We needed a vacation. So, Handsome and I jetted up to Canada for ten days. Let me explain what vacation means to him. Handsome doesn’t idle well. He wakes up at five and works ten-hour days when he’s not on call at the hospital. He likes to keep the same pace on vacation. Seriously. Time is money. As a physician and small-business owner, he doesn’t earn a salary. He earns income through surgeries and clinic visits, so he wants to maximize vacation time to justify the income loss. Thus, each day is scheduled to minimize down time to eight hours of sleep.
I embraced Handsome’s vacation goals with energy, research, and vigorous planning. And maps, lots of maps. In 2017 Canada celebrates its 150th year as a nation. The celebrating lasts all year. We enjoyed ten days in New Brunswick, Nova Scotia, and Prince Edward Island.
My tightly-scheduled vacation agenda unraveled after the connecting flight to Halifax canceled, stranding us overnight in Montreal, Canada. Granted, there are worse places to be stranded.
Handsome was once left for hours outside at the airport in Sierra Leone, Africa the day after the peace treaty was signed. Remember the movie Blood Diamonds? Yeah, that place. He was there on a medical mission with Mercy Ships to repair fractures and the signature traumatic amputations of their war.
So whining about being stranded overnight in Montreal felt silly. Storms caused a power failure on the eastern seaboard that disabled air traffic control and telecommunications with Nova Scotia.
We claimed our bags and called the 888 number to grab seats on the 6 p.m. flight the next day. Handsome wanted to get standby on any earlier flights to Halifax, so we trudged back upstairs to join a grumbling mob in line to rebook. In total, three flights to Halifax canceled that day. I was okay with the cancellations because I wanted air traffic control to have electricity when my flight arrived.
The Air Canada staff huddled near baggage check-in. They broke into groups. One group set up a series of posts and ribbons to corral the mob. Another group rolled out a cart of drinks and snacks to appease the mob while three lone workers manned the ticketing booths. Handsome ate a KitKat. Rumors rolled up the line that Air Canada would switch out a smaller commuter plane with a larger jet to accommodate the three flights of stranded travelers. A family with two children in line ahead of us said they were on their way to a wedding. We commiserated over bottled water.
Marriott’s Mr. Ming
In time, we tired of the line and checked in at the airport Marriott. There at the front desk stood a man identified on his name tag as Ming. He greeted us in French, then English. We told him our tale of woe. He then called the Halifax Marriott and somehow got the prepaid, nonrefundable reservation refunded without penalty and checked us into a room with a king bed on the 7th floor. If not for the counter, I would have hugged Mr. Ming.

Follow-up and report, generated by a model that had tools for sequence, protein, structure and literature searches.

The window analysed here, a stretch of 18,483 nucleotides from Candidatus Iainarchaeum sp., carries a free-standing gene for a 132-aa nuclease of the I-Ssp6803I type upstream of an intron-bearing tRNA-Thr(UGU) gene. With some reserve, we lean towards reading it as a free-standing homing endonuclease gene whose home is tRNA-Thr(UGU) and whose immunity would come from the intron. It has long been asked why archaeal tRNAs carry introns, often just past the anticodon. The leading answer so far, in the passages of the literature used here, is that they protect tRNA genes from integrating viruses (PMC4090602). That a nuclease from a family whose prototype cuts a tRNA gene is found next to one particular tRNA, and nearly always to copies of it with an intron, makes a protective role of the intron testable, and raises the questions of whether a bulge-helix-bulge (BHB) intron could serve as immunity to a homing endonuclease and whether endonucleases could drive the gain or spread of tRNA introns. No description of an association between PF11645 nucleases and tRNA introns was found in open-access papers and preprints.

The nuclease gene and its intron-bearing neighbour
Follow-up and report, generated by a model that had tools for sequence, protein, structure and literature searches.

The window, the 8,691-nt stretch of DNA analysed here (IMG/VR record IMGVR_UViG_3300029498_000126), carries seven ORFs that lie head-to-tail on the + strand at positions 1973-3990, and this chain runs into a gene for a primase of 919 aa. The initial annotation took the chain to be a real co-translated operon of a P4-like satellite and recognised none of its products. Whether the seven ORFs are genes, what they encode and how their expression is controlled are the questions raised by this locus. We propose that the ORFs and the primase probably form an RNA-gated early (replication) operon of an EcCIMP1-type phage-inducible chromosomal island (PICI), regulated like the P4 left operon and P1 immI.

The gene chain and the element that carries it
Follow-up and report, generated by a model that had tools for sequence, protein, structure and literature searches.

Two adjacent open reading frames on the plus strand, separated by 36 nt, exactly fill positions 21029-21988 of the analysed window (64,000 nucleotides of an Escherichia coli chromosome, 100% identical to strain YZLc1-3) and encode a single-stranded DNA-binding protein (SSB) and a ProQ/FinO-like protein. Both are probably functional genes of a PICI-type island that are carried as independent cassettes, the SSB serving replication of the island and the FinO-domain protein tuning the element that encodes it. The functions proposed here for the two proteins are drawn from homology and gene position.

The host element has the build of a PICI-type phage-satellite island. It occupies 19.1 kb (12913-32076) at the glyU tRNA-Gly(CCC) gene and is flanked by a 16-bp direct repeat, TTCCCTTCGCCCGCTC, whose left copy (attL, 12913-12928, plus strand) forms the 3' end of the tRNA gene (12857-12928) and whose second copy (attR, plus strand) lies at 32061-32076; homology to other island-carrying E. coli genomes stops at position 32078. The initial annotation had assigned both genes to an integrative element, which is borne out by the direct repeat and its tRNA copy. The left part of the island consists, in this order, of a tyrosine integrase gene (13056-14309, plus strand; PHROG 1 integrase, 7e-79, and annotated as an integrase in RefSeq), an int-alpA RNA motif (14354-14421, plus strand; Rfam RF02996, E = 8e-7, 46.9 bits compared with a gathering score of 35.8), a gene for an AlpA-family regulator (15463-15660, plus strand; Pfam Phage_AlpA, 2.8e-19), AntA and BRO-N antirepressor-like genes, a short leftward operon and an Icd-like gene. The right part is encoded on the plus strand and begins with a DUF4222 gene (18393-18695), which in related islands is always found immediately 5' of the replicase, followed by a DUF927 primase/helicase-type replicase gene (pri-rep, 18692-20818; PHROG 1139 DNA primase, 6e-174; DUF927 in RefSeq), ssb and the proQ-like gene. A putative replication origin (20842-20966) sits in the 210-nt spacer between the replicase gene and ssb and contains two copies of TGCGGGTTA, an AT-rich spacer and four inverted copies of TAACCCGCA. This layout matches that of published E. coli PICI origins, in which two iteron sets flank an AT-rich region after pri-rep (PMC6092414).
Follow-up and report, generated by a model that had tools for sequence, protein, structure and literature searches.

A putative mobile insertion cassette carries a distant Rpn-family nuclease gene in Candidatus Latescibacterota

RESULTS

The large room had an ultra-bare minimalist style. Dark wood, sleek lines, simple lights. The carpet, walls, and artwork created a Zen-monk vibe with shades of gray and black in muted patterns. The shower had one frosted glass wall separating it from the bedroom. The bathroom, oh, the bathroom. It featured a seven-foot long, two-foot deep counter interrupted only by the lovely sink. The counter space had to have been designed by a woman tired of trying to balance her toiletries and makeup on the back of a toilet. Handsome and I would not be elbowing each other to get ready in the morning.
Dollar Thrifty Automotive Group Canada
Because we will arrive a day late in Halifax, Handsome called the rental car company to let them know. After a moment, he laughed. It wasn’t the kind of laugh over a good joke. It was his you-have-to-be-kidding-me laugh. Then he said, “so you’re going to charge me more for using the car one less day?”
After a pause, he held his phone to his thigh. “Because we’re starting our rental on a Saturday, the rate is higher.”
“Tell them we are keeping the reservation as is. We’ll just pick up the keys tomorrow.”
Handsome smiled and raised the phone to his face. “Forget I made this call. Keep our reservation as it is. We’ll be there tomorrow to pick up the car. No. No. Don’t change it. Leave it as is or let me speak to your supervisor…uh, huh. Great. See you tomorrow.”
Our view from the wall-size window overlooked the 60s-style airport, tower, parking garage, and in the distance a church on a hill. It was a sign.
We ate, reviewed my carefully-planned agenda, and adjusted accordingly. The shower blasted away stress. The bed embraced us in comfort. We fell asleep knowing that we had seats on the next day’s evening flight. We prayed for power to be restored and for the weather to calm down.